In a further feature, the cholesterol is purified with methanol.

Thus, the present invention provides processes for the extraction of free crystalline cholesterol (C27 H46 O) from products related to whole eggs, such as, dried whole egg or dried egg yolk.

BRIEF DESCRIPTION OF THE DRAWINGS

The accompanying drawing is a schematic flow sheet of the procedure of one embodiment of the invention.

DETAILED DESCRIPTION OF THE DRAWING

As seen in the flow sheet, the egg powder 10, either egg yolk powder or whole egg powder, is mixed with 95% ethanol at 11 and filtered at 12 to provide a solid material 13 and a filtrate 14.

Solid 13 is mixed with 95% ethanol at 15 and is then filtered to provide dry egg powder 16 and a filtrate which is added to filtrate 14.

The ethanol was removed from the filtrate 14 by reduced pressure at 17 to provide a residue 18. The residue was mixed with 95% ethanol at 19, KOH at 20 and water at 21 and heated for 2 hours at 60-70 C. to provide a solution 22.

Solution 22 is cooled to provide solution 23 which is extracted with NaCl at 24, petroleum ether at 25 and ethanol at 26 and stirred. Upon settling, it provided a three-phase solution 27. The lower phases 28 were again extracted with petroleum ether at 29 and the upper phase added to the first upper phase 30 to provide a combined petroleum ether phase 31. The lower phases 32 provided fatty acid salts 33. The solvent was removed from the combined petroleum ether phases 31 by heating under reduced pressure and free cholesterol 34 was removed.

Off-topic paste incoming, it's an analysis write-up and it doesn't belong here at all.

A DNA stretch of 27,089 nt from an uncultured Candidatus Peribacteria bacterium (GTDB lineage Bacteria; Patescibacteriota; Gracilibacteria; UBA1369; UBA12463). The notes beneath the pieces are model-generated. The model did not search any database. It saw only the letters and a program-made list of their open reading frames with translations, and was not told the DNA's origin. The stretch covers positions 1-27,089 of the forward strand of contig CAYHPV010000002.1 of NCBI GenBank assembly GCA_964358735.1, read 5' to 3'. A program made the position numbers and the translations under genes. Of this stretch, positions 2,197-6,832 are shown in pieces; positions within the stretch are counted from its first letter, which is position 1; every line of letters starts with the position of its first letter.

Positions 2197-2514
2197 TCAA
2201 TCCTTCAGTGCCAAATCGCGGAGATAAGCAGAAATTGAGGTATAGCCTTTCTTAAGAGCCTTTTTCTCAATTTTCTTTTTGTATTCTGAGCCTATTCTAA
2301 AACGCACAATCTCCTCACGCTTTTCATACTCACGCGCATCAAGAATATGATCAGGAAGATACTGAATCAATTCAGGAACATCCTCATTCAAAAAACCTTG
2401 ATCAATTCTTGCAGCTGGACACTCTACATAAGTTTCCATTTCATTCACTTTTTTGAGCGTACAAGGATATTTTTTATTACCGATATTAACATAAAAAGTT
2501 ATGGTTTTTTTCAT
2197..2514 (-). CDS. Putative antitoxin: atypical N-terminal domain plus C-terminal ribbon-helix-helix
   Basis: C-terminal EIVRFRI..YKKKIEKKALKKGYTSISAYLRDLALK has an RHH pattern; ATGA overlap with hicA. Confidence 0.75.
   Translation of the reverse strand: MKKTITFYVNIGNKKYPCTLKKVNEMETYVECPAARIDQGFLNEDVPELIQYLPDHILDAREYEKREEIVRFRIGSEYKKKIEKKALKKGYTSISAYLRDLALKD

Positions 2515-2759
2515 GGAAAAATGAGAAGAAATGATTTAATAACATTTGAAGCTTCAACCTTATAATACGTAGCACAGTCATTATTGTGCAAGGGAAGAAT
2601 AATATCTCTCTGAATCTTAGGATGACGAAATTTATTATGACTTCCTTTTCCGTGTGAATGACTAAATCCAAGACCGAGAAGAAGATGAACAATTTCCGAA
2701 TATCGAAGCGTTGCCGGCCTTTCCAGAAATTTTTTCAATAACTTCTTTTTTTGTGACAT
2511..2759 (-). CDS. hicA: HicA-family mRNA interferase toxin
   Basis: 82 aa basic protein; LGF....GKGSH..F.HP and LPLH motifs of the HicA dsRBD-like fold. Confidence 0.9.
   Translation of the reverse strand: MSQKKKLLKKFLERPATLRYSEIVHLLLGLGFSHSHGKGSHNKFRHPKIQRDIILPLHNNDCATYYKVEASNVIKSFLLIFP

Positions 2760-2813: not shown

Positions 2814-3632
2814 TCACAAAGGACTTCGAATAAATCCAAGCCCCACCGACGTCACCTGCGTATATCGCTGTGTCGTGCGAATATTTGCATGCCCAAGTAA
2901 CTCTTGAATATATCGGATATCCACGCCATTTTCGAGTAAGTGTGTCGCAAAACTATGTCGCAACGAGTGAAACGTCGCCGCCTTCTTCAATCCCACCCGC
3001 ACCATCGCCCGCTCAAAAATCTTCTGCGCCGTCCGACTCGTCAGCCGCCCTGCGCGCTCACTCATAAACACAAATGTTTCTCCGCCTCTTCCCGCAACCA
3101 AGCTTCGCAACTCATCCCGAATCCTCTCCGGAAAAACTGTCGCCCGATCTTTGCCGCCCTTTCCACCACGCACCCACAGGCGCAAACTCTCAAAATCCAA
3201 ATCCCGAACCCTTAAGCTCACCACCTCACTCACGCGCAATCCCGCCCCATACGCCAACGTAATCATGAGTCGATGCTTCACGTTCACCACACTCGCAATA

DESCRIPTION OF EXAMPLES OF PREFERRED EMBODIMENTS

The following are examples of this invention.

EXAMPLE I Extraction of Whole Egg Powder

(a) Egg powder (50 g) was combined with 95% ethanol (600 ml) and the mixture was stirred at room temperature (25-30 C.) for 2 hours. The mixture was filtered and the egg powder was washed with more 95% ethanol to give a filtrate of 600 ml and egg solid which on drying in air weighed 35 g. A portion of the filtrate (10%) was taken for analysis.

The solvent was removed from the remaining filtrate under reduced pressure. The remaining residue was combined with 95% ethanol (65 ml), potassium hydroxide (45 g) and water (65 ml) and the resulting mixture was stirred at 60-70 C. for 2 hours. The solution was cooled and 5% sodium chloride solution (330 ml), petroleum ether, bp 60-80 (700 ml) and 95% ethanol (150 ml) were added and the mixture was stirred for 2-3 minutes. On settling three layers were apparent. The lower two were separated and the petroleum ether layer was collected. The bottom two layers were extracted with petroleum ether (3 times with 200 ml) and the extracts were combined to give a final extract of 1400 ml. The combined extracts were dried (MgSO4) and filtered. A known fraction of the total filtrate was used for analysis.

The solvent was removed from the remainder of the extract to give a yellowish solid residue which was recrystallized from methanol to give white needles. Two crops were usually recovered.

The results are summarized below in Table II.

(b) Dried whole egg (50 g) was stirred with 95% ethanol (300 ml) at room temperature for 4 hours. The mixture was filtered and the egg powder was washed with two 50 ml portions of 95% ethanol. A sample of the filtrate was taken for analysis and the solvent was removed from the remaining filtrate. The resulting oily residue was combined with 95% ethanol (25 ml), potassium hydroxide (28 g), and water (40 ml) and the mixture was stirred at 60-70 C. for 2 hours.